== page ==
Mother Earth will always express herself, the ancients knew that and gave other explanations.  Modern civilization has lost touch with earth and demonstrated it by becoming clueless to extreme cycles that we call disasters.  They are disasters because we behave like they will never happen … we build on flood plains, on shallow coastland, beside volcanoes and on top of tectonic fault lines.  The news is always full of people in peril, rescue efforts and high cost of attending the damage and recovery from ‘natural disasters’.  The operative word here is NATURAL.  If Mother Earth has her NATURAL upheavals, why can’t people tune in and be prepared for NATURE?  Check out USGS Water Website and  USGS North Dakota Flood and USGS Midwest Flooding.

The human race will have to recover some ancient understanding before it can be tuned into Mother Earth again.

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9 Comments
  1. April 4, 2009 9:02 pm

    Thank you Gideon. History has successes and failures to show us. But, we have to actually look at history through a clear lens … there are so few clear lenses.

  2. April 4, 2009 1:32 pm

    Your title of “So Many Red Rivers” reminds me that man does not learn very much from history.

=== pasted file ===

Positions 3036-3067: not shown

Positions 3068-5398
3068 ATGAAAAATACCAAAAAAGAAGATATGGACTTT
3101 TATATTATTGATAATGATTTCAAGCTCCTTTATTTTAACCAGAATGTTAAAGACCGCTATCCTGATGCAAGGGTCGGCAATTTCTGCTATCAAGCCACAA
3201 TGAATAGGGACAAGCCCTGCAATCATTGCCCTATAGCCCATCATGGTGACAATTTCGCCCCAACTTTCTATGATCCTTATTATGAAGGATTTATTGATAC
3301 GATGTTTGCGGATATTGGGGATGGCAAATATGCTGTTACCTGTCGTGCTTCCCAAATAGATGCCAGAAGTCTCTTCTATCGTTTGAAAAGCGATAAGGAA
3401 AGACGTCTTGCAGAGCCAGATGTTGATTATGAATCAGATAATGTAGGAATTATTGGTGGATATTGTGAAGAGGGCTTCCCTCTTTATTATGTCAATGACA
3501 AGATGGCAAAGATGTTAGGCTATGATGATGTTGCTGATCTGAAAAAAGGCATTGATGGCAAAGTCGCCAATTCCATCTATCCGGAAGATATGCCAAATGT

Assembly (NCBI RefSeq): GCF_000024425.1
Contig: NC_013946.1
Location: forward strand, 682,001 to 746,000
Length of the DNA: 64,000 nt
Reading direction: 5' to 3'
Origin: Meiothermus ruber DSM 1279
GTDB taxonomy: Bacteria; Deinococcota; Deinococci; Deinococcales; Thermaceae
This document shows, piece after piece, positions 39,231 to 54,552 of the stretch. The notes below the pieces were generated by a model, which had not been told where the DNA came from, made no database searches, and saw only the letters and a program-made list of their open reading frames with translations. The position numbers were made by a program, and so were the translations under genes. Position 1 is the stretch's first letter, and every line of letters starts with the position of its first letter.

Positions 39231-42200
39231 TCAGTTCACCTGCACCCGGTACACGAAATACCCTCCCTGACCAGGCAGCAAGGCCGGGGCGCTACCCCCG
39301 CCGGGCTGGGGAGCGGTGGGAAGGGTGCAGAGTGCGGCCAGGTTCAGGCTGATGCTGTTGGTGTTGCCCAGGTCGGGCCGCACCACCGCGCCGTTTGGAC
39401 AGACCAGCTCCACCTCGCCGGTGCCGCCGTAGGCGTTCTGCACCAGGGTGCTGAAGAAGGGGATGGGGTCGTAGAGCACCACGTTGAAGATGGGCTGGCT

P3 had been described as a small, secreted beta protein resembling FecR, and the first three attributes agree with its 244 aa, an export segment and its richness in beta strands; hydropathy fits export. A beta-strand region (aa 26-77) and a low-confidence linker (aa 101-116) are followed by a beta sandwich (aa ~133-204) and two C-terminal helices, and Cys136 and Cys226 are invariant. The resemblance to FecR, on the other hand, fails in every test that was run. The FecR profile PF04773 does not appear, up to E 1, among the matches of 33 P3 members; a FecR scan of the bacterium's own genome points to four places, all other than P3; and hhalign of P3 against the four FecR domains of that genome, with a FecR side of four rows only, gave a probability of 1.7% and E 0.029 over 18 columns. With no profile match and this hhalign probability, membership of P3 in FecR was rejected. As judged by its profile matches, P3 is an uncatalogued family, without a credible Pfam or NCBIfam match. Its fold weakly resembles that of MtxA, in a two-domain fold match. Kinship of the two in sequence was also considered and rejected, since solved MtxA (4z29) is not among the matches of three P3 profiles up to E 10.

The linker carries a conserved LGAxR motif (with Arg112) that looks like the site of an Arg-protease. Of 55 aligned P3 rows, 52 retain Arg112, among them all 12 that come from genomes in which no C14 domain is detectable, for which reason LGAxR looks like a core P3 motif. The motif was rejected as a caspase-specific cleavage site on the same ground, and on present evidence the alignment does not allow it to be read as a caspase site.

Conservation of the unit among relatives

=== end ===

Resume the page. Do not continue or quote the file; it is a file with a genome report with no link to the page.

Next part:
If anything, history should be our best teacher… that is not yet the case.

    Gideon Mukwai, CEM
    http://www.1xtramile.com

  3. March 29, 2009 4:01 pm

    Thank you for the great link Tom. I agree that Global Warming is not the issue anymore. Being prepared for whatever nature has in mind is what has been forgotten. What humanity has contributed to all the natural cycles of Mother Earth is pollution. Mother Earth will always express herself, the ancients knew that and gave other explanations. Modern civilization has lost touch with earth and demonstrated it by becoming clueless to extreme cycles that we call disasters. They are disasters because we behave like they will never happen … we build on flood plains, on shallow coastland, beside volcanoes and on top of tectonic fault lines. The human race will have to recover some ancient understanding before it can be tuned into Mother Earth again.
    You have inspired me to add part of this comment to this post, thanks again.

  4. tommoriarty permalink
    March 29, 2009 3:03 pm

    See herefor links to a very nice USGS poster about the history of Red River flooding and its causes. The “landform factors” and “Weather factors” mentioned in the poster are laid out in the post and addressed one by one. The bottom line: Extremely high precipitation in the fall saturated the soil. Then temperatures dropped to record lows in mid-December through mid March. Then the temperatures rose to above normal for about two weeks in the last half of March.

    The Red River finally crested at about 40.8 feet, slightly higher than the previous record of 40.1 feet in 1897. I think that even Barack Obama would agree that the 1897 flood was not due to global warming. So where is it between 40.1 feet and 40.8 feet that global warming becomes obviously responsible?

    Best regards
    ClimateSanity